I've noticed that many books about reading, and specifically about comprehension for that matter, don't even define what "comprehension" is. Perhaps it's assumed that we all know what it is; or maybe "comprehension" is a slippery term that we have trouble grasping, or "comprehending," if you will!

Webster's Collegiate Dictionary offers this definition: "capacity of the mind to perceive and understand." Reading comprehension, then, would be the capacity to perceive and understand the meanings communicated by texts. Simple, huh? Clear. Now we comprehend comprehension!

Ah! A closer look at reading shows that this issue is much more complicated than it seems. Facile definitions coupled with the complicated nature of reading comprehension is what keeps us from understanding it fully, and from teaching it as well as we can.

Let me focus on a few issues to help explain successful reading comprehension.

Comprehension requires the reader to be an active constructor of meaning.

Reading research has demonstrated that readers do not simply "perceive" the meaning that is IN a text. In fact, expert readers co-construct meaning WITH a text. The research base shows that reading is a "transaction" in which the reader brings purposes and life experiences to bear to converse with the text. This meeting of the reader and the text results in the meaning that is comprehension. Comprehension always attends to what is coded or written in the text, but it also depends upon the reader's background experiences, purposes, feelings, and needs of the moment. That's why we can read the same book or story twice and it will have very different meanings for us. We, as readers, are an equal and active partner with the text in the meaning-making process of comprehension.

What processes and strategies are required to be an active constructor of meaning as a reader?

Again, the processes have been underarticulated. There is wide agreement among reading researchers that every time a reader reads anything, they make use of the following strategies:

  • Activate prior knowledge, and connect the applicable prior experiences to the reading (if students don't have the requisite background knowledge about a topic, they will be unable to comprehend)
  • Set Purposes
  • Predict
  • Decode Text: identify word and sentence meanings
  • Summarize: bring meaning forward throughout the reading, building on prior information to create new and fuller meanings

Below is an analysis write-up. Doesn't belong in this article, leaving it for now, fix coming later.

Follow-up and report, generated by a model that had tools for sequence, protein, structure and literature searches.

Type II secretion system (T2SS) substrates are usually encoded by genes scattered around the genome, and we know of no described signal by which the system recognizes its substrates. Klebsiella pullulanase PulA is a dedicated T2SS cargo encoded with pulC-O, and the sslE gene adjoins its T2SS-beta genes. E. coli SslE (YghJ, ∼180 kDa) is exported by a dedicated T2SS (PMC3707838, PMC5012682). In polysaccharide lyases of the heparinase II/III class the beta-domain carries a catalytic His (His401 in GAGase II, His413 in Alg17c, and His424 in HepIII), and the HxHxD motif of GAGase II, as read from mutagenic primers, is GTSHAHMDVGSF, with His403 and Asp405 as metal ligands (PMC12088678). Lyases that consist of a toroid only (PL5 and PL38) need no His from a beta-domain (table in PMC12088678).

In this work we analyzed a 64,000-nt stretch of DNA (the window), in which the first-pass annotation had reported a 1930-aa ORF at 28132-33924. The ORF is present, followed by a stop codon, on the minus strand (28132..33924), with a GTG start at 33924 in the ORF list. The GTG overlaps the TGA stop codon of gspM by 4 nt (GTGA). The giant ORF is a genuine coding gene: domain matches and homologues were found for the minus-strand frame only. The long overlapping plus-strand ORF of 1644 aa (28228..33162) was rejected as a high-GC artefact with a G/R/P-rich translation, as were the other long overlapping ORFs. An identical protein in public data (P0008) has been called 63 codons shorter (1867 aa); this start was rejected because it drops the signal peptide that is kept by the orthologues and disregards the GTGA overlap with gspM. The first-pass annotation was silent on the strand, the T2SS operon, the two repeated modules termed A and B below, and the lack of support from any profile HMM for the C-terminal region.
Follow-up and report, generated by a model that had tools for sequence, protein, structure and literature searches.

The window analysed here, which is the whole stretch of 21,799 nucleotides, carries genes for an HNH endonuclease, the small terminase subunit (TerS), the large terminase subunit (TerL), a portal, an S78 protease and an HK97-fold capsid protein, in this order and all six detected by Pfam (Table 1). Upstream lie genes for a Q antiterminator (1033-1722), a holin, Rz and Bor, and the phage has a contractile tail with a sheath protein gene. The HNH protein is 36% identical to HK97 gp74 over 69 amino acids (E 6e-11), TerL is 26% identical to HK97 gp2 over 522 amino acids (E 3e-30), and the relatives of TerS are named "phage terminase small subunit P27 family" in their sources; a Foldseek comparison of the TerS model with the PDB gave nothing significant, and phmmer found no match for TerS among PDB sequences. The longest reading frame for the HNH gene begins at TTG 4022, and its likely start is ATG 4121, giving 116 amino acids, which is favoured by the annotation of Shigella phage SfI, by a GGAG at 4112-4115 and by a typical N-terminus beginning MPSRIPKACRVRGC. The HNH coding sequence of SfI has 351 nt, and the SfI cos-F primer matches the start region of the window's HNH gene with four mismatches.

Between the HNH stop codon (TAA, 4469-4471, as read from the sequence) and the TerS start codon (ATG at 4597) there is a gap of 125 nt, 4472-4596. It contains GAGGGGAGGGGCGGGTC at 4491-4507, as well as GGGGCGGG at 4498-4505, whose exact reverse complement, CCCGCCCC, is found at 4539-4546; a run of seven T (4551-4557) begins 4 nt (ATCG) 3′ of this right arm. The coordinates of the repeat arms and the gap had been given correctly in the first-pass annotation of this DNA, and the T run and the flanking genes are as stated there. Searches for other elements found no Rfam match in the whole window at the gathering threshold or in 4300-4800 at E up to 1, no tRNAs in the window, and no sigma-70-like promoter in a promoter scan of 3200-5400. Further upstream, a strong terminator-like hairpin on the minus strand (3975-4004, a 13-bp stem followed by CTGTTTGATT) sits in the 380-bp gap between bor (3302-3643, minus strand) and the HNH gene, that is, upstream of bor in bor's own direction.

• Visualize: see characters, settings, situations, ideas, mental models
  • Question
  • Monitor understanding: the most salient difference between good and poor readers is that good readers know when — and often why — they are not comprehending
  • Use Clarifying and Corrective strategies where needed
  • Reflect on and Apply the meaning that has been made to new situations

Three points:

  1. Since these strategies are used every time anybody reads, if your kids don't use all these strategies, then these are the ones to teach them first. They have the greatest transfer value.
  2. We need to know HOW to teach these strategies and give them over to students (this is where the featured techniques of think-alouds and action strategies come in). Simply explaining the techniques won't suffice. Students need help in the process of HOW to do it. Just as explaining how to ski won't be sufficient to get a novice down the hill, neither is explaining a text, or explaining a comprehension strategy, going to do the job in promoting comprehension.
  3. These strategies are necessary to reading comprehension in all situations, but they are usually insufficient to comprehension. Readers of any text generally go well beyond these general process strategies as they use engagement strategies to create a textual world, move around in it, evaluate it, etc. As students get older and read more sophisticated texts they must also learn how to meet the demands of making meaning with new text structures (argument, classification, satire, definition, fable, etc.) and new task-specific conventions (like those to tip off a reader to irony, symbolism, unreliable narrators, etc.). A reader who reads a satire or an ironic monologue — or even a fable, for that matter — using only general process strategies will not comprehend it. She needs text, and task, specific strategies to notice that a text is ironic, and to know what to do as a result.

Yes, comprehension and teaching it are more complicated than most of us think!

Finally — teachers of reading have another big problem. We are expert readers ourselves.

That means that we literally do hundreds of things every time they read that are automatic. This automaticity means that we are unaware of what we are doing as we read. And all of the stances and strategies that we use are not made available to our struggling readers. In fact, our struggling readers don't even know they are supposed to be using all of these strategies.

The kids who most need our help are the ones who are the least like us. And the best way to help them is to take off the tops of our heads, to become aware of and share what we are doing as readers. We need to explicitly model what we do, guide and nurture them to do the same things, and then create situations that will encourage and help them to purposefully use the same strategies. I propose the teaching model of:


Another way of putting it is from the students' perspectives:


Using think-alouds and action strategies, two rich sets of teaching techniques, are ways of doing just that. See the Think-Aloud Stategies page for guidelines to implement them in your classroom.